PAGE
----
Following the event, Dalela sat down with CPH POST to shed some light on how the process was for her and what she hopes to achieve by taking part.

How did you learn about the Ambassador for a Day competition?

I first got to know about the competition from my school, when the principal sent out an email regarding it. I initially became interested by reading the title – ‘Ambassador for a Day’. I was curious as to what it would entail: signing papers all day, shadowing an Ambassador, getting training. I went to their website, and saw that they were offering to partner with the winners, for a joint project/activity in an area of the winner’s choosing.

What inspired you to take part in this initiative?

There was an opportunity to meet the Ambassador of the UK, other female ambassadors, and business and civil society leaders. I decided that I must participate. The prospect of being able to create awareness about the under-representation of women in the Tech industry, especially in leadership roles, has been something I feel passionately about, and this opportunity would make it tangible.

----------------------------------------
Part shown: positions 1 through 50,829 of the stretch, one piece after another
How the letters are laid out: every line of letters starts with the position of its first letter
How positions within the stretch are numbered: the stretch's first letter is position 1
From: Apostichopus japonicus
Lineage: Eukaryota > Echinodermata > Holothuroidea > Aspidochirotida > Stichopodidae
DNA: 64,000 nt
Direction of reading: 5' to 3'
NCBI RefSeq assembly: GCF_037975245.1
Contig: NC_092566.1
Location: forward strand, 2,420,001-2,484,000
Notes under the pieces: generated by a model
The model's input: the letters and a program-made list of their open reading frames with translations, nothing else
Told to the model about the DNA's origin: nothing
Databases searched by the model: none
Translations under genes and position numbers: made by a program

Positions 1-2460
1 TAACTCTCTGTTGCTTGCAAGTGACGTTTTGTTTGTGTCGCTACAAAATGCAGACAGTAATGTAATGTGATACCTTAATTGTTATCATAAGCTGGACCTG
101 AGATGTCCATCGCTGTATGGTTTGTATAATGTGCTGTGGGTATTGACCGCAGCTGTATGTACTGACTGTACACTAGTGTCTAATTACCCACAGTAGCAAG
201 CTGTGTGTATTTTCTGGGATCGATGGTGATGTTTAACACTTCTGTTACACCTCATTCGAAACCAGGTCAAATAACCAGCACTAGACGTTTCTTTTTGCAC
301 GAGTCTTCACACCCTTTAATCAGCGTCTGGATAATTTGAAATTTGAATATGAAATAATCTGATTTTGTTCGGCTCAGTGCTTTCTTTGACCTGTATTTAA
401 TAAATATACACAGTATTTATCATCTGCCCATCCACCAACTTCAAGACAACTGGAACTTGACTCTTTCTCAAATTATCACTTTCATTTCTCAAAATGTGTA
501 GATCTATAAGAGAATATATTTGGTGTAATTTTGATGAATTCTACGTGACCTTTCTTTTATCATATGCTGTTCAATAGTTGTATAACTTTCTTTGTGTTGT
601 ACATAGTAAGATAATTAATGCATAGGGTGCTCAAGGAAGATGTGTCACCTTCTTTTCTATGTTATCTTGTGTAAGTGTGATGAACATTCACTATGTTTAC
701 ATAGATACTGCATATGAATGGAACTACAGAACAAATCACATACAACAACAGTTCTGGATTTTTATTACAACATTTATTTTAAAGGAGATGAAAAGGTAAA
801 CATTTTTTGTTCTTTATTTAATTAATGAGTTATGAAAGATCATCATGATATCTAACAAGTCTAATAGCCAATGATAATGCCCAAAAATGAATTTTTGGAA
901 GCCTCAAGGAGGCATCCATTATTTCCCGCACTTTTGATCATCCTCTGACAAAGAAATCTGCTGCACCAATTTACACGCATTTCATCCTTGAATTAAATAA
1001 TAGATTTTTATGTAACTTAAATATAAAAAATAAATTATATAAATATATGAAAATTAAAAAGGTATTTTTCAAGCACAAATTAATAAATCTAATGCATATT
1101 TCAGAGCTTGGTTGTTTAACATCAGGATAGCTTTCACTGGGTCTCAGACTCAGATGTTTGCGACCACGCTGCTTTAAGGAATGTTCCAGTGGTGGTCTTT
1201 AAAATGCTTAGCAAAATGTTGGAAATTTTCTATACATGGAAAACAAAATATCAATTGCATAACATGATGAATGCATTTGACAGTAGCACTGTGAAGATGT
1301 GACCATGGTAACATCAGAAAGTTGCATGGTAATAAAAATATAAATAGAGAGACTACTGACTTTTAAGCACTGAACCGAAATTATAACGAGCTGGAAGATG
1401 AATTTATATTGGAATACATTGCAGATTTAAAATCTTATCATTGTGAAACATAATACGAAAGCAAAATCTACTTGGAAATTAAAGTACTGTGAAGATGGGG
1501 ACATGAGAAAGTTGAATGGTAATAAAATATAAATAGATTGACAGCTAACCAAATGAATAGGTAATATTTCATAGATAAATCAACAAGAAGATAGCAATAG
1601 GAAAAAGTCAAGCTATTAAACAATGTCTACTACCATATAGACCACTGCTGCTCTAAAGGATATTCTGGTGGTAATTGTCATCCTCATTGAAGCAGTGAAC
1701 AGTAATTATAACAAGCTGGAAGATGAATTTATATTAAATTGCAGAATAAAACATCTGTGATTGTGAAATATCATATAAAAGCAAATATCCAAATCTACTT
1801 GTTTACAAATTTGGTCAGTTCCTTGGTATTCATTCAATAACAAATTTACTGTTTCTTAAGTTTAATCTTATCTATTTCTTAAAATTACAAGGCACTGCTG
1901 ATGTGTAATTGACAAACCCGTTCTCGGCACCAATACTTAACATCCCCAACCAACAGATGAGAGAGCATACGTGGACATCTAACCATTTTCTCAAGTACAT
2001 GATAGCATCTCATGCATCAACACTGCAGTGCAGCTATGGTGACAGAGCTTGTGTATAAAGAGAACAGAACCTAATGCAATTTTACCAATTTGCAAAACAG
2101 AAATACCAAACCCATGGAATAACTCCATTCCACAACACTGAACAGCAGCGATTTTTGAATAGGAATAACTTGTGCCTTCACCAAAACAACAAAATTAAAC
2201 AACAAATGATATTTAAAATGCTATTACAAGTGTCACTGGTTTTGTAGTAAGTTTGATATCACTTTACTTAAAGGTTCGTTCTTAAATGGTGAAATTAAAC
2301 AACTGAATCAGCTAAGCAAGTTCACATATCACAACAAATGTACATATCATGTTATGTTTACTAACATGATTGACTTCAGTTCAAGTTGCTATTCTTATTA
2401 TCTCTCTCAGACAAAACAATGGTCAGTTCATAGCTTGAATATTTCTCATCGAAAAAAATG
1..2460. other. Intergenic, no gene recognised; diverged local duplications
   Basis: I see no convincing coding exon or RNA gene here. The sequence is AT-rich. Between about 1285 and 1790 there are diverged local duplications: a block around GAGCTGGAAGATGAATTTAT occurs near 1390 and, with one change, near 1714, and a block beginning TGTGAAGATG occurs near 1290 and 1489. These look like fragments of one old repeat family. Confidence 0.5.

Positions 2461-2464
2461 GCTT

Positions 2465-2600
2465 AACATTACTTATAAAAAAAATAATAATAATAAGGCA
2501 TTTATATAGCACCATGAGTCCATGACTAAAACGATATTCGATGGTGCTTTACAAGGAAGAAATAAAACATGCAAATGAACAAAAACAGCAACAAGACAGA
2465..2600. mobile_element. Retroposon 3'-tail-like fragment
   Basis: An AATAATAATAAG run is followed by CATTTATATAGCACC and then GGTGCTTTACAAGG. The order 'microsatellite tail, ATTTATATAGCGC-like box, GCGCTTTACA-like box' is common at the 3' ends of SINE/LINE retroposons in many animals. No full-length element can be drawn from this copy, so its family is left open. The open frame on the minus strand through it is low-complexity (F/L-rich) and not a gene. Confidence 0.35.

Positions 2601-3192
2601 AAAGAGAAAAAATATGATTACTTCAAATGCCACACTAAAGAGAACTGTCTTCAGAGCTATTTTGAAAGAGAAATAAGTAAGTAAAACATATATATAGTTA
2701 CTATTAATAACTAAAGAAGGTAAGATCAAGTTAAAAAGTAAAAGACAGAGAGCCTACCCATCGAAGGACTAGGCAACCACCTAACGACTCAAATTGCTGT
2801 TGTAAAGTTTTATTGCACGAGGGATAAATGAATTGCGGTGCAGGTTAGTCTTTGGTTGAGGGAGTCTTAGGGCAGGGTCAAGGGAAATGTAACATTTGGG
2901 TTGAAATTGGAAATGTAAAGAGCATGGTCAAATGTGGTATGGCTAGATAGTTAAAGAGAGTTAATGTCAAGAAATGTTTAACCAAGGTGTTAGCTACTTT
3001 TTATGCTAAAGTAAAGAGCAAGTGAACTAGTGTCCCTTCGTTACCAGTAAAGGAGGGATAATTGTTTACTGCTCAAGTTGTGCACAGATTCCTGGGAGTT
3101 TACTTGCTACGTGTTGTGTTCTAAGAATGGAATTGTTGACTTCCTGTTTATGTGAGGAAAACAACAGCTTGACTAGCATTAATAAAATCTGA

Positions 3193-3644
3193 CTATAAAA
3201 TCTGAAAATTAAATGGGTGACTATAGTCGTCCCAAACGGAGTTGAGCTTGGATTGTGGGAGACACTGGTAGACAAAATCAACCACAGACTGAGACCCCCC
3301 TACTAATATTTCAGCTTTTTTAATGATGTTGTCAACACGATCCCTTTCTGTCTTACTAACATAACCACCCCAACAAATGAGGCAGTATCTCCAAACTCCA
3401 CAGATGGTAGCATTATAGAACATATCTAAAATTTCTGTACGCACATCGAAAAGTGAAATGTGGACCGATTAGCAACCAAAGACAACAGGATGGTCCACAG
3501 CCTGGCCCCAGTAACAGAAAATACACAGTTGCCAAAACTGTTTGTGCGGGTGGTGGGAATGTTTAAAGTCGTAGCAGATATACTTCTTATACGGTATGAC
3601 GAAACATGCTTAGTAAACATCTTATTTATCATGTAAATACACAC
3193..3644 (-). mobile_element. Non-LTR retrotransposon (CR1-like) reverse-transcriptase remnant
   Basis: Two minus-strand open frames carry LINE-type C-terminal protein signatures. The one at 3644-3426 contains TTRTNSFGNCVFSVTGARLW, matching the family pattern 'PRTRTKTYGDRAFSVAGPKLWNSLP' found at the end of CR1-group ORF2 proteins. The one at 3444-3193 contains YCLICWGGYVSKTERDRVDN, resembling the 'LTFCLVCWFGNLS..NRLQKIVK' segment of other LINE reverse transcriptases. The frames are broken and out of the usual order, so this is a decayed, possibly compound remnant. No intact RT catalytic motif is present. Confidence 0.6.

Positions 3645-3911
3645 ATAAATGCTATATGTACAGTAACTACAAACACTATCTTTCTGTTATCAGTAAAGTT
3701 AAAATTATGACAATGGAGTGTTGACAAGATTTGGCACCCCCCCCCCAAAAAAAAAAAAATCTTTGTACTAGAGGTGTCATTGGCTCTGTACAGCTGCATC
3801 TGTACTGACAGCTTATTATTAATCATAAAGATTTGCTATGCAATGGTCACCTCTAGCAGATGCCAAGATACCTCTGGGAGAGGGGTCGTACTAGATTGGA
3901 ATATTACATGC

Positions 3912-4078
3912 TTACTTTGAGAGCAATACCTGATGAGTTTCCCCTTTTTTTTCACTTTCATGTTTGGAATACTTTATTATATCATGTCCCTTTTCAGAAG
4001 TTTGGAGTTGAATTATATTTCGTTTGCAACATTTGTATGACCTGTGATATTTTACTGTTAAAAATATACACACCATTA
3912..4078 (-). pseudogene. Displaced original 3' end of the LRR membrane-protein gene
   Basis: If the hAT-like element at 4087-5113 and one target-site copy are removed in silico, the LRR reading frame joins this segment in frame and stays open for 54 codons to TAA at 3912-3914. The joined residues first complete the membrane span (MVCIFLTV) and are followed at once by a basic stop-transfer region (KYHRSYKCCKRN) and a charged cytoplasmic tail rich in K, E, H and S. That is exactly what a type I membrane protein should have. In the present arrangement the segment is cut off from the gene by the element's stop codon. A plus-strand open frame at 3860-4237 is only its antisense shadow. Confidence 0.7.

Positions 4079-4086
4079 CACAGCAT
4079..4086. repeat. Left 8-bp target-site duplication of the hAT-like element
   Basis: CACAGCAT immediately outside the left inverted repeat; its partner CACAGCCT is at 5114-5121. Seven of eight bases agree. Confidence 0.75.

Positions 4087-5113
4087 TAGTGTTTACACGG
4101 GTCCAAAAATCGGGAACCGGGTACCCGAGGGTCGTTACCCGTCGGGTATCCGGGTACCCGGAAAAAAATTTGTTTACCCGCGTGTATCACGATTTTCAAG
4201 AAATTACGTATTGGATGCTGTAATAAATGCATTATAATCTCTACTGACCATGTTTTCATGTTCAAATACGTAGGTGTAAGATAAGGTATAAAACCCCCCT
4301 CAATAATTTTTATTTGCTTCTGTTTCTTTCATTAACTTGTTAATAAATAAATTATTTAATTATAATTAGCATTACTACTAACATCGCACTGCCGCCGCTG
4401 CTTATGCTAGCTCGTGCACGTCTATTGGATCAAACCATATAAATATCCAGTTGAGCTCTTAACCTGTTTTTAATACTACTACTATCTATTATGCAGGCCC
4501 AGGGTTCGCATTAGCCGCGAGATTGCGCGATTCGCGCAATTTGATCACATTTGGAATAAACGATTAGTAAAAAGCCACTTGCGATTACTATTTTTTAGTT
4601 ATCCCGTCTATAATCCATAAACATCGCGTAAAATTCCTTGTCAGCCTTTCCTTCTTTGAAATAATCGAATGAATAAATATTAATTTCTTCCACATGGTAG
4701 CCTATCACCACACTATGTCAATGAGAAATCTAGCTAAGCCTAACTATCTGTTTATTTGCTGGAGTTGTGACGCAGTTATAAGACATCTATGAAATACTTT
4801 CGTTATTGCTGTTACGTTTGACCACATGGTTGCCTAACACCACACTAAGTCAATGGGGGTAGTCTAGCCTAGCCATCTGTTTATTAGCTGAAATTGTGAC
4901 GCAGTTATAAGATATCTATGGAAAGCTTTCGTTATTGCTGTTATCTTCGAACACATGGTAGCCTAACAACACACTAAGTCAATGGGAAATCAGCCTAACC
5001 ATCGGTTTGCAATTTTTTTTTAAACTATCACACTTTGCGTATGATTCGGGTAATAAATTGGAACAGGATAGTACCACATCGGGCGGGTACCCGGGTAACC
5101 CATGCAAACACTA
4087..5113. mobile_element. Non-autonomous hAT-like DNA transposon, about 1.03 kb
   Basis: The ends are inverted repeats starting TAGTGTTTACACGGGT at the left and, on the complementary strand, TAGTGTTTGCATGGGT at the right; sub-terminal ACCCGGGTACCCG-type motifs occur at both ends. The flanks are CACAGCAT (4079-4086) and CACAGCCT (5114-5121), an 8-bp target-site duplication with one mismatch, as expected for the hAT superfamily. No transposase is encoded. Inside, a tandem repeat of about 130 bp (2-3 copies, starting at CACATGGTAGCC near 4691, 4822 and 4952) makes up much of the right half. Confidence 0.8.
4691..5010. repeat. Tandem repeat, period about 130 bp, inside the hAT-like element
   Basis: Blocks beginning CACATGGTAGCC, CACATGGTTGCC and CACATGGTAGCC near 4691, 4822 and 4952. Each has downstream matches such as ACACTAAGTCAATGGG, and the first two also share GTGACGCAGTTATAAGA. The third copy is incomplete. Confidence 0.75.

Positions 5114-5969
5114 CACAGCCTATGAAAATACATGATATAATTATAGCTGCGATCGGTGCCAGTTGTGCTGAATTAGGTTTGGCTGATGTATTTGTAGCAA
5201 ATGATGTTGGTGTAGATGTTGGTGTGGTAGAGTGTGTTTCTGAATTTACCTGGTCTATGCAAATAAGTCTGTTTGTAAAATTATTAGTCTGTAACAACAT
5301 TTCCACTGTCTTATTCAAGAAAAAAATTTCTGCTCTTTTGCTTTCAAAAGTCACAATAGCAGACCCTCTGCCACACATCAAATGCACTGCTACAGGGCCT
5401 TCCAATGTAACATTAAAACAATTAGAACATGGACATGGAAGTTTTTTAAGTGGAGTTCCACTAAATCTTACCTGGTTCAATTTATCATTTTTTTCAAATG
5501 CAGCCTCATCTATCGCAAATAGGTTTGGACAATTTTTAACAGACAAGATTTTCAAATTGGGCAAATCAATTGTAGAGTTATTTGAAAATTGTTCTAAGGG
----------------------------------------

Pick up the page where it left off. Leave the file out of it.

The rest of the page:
What do you hope to learn from this experience?

From this experience, I would like to learn more about leadership, and the skills needed to become a successful leader. I am hoping that I would be able to effectively convey my message across to people, and make them aware about the vast gender disparity in many industries, especially the Tech sector, which has phenomenally grown in the recent years.

Do you see yourself as having a future within diplomacy?